I am not without sympathy for the super rich. A few of them are not Republicans and did not support Trump. A few of them are intelligent, thoughtful, and funny. And they all have some problems (divorce, cancer, having teenagers) that are as miserable for them as for the rest of us. But it’s a huge mistake to think that the super rich are somehow deserving of their advantages.
We’ve been deeply conditioned to think that being wealthy is a good indicator of attributes like intelligence and hard work. But it’s not true. Most intelligent, hard-working people never get rich. The truth is, getting rich is mostly a matter of luck. If you’ve made it, chances are you hit your first jack pot the day you were born by having the right parents, who had excellent genes to bequeath and fine positions in the existing pecking order.
You probably kept on your lucky streak with good schools, good summer camps, and top-drawer undergraduate and graduate schools. You may have worked hard, and it may have felt like your accomplishments were simply the result of all your own hard work. But you had a lot of people helping, showing you what was required — what to work on, how long, and how hard. Also, you may not even have noticed, but there were a lot of not very prosperous people all around you making sure you were well fed, clothed, housed, and otherwise prepped for success.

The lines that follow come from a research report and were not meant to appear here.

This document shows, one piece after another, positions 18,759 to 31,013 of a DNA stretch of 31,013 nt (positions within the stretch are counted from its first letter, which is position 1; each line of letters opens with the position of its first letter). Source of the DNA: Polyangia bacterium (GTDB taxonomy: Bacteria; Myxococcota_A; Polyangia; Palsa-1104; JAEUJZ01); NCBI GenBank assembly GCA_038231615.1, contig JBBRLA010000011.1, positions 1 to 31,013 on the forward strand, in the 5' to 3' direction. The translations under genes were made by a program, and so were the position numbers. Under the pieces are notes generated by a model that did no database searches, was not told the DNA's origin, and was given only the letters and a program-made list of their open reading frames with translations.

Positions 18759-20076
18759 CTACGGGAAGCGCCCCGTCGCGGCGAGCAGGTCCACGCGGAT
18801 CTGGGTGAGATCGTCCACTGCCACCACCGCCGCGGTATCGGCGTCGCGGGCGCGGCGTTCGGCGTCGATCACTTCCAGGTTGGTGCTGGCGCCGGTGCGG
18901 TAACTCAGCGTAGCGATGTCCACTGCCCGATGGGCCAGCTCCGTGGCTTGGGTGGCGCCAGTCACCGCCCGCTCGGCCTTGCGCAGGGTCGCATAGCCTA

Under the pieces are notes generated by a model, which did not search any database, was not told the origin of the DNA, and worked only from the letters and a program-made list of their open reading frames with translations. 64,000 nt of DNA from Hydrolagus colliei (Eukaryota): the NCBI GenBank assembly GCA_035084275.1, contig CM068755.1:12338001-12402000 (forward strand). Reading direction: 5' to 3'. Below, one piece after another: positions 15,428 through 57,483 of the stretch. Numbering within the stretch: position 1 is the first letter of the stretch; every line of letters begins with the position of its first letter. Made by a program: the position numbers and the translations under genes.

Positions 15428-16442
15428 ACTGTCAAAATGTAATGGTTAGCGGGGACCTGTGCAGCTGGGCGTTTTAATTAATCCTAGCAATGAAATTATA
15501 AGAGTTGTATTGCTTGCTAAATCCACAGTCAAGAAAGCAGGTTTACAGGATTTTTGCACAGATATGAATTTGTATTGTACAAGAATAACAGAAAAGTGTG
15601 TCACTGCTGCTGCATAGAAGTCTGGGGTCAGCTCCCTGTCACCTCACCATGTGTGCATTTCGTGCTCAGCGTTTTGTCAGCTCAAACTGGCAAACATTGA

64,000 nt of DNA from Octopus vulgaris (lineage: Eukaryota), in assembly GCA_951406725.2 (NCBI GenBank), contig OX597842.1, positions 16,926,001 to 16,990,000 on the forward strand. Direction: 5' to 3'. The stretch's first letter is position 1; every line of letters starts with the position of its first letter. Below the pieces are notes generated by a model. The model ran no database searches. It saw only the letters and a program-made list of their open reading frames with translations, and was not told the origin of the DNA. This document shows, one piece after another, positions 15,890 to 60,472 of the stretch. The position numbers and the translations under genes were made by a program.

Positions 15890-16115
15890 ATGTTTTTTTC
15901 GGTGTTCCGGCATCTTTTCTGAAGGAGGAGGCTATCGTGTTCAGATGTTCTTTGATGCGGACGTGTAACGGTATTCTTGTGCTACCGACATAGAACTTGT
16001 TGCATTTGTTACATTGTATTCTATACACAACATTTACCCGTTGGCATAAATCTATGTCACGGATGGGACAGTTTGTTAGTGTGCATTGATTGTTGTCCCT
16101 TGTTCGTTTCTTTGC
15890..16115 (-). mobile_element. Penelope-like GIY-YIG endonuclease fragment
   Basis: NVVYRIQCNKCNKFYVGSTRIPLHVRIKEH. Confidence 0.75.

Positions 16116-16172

Of course, it helps to be in the right place at the right time, like starting a Wall Street career just as regulatory oversight of financial institutions was geared way down. There are many different kinds of luck that combine for mega wealth. Though it should be noted, as Osnos does, that insider trading and fraud also helped in building some of the most fabulous fortunes.
But even if being wealthy were a good indicator of inherent superiority, rather than mostly luck, there would still be good reasons to call out the super rich Trump supporters. Their value system is deplorable — self-centered, like those of a young child in Kohlberg’s system. Their orientation is exclusively on their own advantage; other people don’t matter. This is unfortunate for them, of course, since they miss out on a lot of what’s really beautiful and rewarding in life. But once they decide to take a role in public affairs, it’s a problem for all of us.